Ian Cronin (Project Lead Future of Advanced Manufacturing and Production, World Economic Forum (WEF). WEF’s experience on how to create cooperative environments for more transparent value chains and highlighted the need to stimulate cooperation between all the links of the supply chain, especially the middle links, building a coherent ecosystem to effectively instrument transparent and traceable practices throughout the chain. “There is a need to create a win-win competitiveness game,” generating value for all links, with a focus on the weaker ones. COVID-19 brings a concrete opportunity to reset and build on this type of cooperation. On the role of technology, he stated: “We can’t think of technology only as a tool, but as a partner,” raising the idea of a need to build an ecosystem for a better understanding between stakeholders in the industry and create a common language to trigger sustainability through transparency and traceability. “There is a need of getting the right and enough players involved to take advantage of the use of technology and traceability across supply chains.”


Pranav Khanna (NGO HxN, Technical Textiles expert) with ideas from a social entrepreneurship point of view, on how to reshape the industry, especially thinking ahead of a post-COVID industry, highlighting the importance of a collaborative approach.

He referred to the case of MSMEs and technology as accelerators for this change: “MSMEs are the backbone of all economies” and technology enables MSMEs to connect directly with the consumers which opens an opportunity to progress towards circular models. “The opportunity out here is to have the ability to use technology to build your narrative, to use Blockchain technology to show you are who you say you are”.

In terms of co-creation, Pranav underscored the case of HxN, a successful story of collaborative networks to leverage MSMEs through capacity building and technical cooperation, impacting on more than 7000 artisans across the Andean region and working closely with universities and international organizations to solve artisans’ and MSMEs’ bottlenecks to connect with the markets. He also elaborated on the ‘toolkit’ developed by HxN as an example of collaborative tools that are in the intersection with technology.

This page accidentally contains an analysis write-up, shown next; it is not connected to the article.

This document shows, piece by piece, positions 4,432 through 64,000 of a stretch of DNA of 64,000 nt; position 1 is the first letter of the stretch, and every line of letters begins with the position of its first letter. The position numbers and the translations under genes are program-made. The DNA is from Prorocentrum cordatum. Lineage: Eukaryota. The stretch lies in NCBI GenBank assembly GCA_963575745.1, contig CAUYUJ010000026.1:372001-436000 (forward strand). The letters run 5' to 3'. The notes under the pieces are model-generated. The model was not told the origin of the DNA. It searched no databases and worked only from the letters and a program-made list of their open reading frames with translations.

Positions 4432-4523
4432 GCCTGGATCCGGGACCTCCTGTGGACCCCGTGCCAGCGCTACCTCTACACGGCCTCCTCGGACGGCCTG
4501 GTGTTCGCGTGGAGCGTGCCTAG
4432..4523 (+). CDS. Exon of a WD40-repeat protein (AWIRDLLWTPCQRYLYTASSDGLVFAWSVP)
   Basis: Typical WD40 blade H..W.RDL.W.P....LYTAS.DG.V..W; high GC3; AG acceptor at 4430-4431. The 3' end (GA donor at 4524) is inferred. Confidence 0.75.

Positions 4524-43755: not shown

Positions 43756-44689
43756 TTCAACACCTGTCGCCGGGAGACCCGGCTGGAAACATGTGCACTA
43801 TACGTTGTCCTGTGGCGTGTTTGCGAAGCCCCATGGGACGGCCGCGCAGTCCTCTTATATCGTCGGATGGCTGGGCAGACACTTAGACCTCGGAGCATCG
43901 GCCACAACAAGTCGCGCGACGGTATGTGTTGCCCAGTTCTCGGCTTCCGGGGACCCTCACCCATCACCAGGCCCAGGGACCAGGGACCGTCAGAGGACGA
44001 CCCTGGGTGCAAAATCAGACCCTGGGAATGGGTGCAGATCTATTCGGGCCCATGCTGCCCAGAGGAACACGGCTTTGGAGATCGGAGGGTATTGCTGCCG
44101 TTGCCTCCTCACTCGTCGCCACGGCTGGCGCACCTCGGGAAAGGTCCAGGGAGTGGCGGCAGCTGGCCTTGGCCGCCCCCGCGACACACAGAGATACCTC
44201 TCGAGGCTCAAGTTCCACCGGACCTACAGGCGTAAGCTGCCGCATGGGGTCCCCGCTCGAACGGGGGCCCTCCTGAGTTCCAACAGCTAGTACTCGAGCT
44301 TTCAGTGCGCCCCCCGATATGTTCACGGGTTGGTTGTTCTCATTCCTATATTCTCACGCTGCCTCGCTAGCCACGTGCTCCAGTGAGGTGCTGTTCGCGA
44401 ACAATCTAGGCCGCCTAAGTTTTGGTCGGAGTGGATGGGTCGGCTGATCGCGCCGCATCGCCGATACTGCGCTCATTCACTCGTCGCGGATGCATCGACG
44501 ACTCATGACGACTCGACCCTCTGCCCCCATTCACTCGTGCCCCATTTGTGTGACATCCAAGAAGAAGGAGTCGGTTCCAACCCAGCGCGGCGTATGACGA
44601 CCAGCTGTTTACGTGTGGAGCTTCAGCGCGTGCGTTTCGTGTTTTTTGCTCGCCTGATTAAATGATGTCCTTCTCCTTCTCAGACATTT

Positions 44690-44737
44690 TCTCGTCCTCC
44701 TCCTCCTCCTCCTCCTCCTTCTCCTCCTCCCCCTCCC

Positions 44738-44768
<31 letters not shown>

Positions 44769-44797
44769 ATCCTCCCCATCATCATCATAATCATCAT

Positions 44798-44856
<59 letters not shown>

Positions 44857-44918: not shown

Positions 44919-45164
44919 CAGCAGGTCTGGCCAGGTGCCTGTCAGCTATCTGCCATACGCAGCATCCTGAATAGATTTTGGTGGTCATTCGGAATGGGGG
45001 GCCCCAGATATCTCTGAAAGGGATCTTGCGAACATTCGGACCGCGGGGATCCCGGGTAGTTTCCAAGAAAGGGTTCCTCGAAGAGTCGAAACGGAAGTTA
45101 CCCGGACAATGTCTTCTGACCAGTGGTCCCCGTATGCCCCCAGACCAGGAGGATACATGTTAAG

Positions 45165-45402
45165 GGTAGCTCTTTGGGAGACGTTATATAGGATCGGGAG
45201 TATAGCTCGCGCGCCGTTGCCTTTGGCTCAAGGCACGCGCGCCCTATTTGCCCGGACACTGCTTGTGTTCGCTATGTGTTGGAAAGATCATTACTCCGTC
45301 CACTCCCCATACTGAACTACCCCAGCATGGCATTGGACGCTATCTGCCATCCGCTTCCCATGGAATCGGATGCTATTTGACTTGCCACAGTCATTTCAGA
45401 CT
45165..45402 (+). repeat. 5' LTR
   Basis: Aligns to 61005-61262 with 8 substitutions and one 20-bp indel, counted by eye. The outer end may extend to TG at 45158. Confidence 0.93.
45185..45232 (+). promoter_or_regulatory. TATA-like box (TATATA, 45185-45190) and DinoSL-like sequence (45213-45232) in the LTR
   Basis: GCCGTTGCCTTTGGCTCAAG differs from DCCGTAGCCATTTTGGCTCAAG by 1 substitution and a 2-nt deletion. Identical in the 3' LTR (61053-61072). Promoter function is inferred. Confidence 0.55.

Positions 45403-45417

Burak Cakmak, (Former Dean of Fashion, Parsons School of Design) from an educational point of view, shed light on how institutions are experiencing a transition towards bringing alive the idea of designing with a purpose. He raised an emotional angle on the role of fashion, not only as a way to build and preserve culture but also as an important aspect when thinking ahead of its future role: “That emotional element is crucial as we re-imagine how we will take the industry forward”. It is important to think about how to link the emotional connection that occurs across the value chain, reshaping old models that only focused on efficiency and economic maximization principles. Burak affirmed that creating with purpose is at the core of current curricula.


Adriana Marina affirms that"technology plays a key role to create a more direct dialogue between designers and consumers which opens the door to rethink the value chain. This is an opportunity to put the spotlight on the designer and their story, creating an ecosystem for new circular models, engaging with local people, and, most importantly, reducing design strategies that are at the service of creating mass and low-cost garments."

We thank the panelists and the more than 200 participants for their commitment and thoughtful discussions and participation. The current COVID crisis exacerbates and brings an opportunity to work harder on a structural change in the fashion industry, following the road map brought by the 2030 agenda on sustainable development. Only by working on collective actions is that the fashion industry will change its course to a new one that serves the people and the environment for good.

Illustration by Joi Tocker



Many thanks to Belén Páppolla! (HxN Ambassador to the United Nations)


Editor: Alondra Magana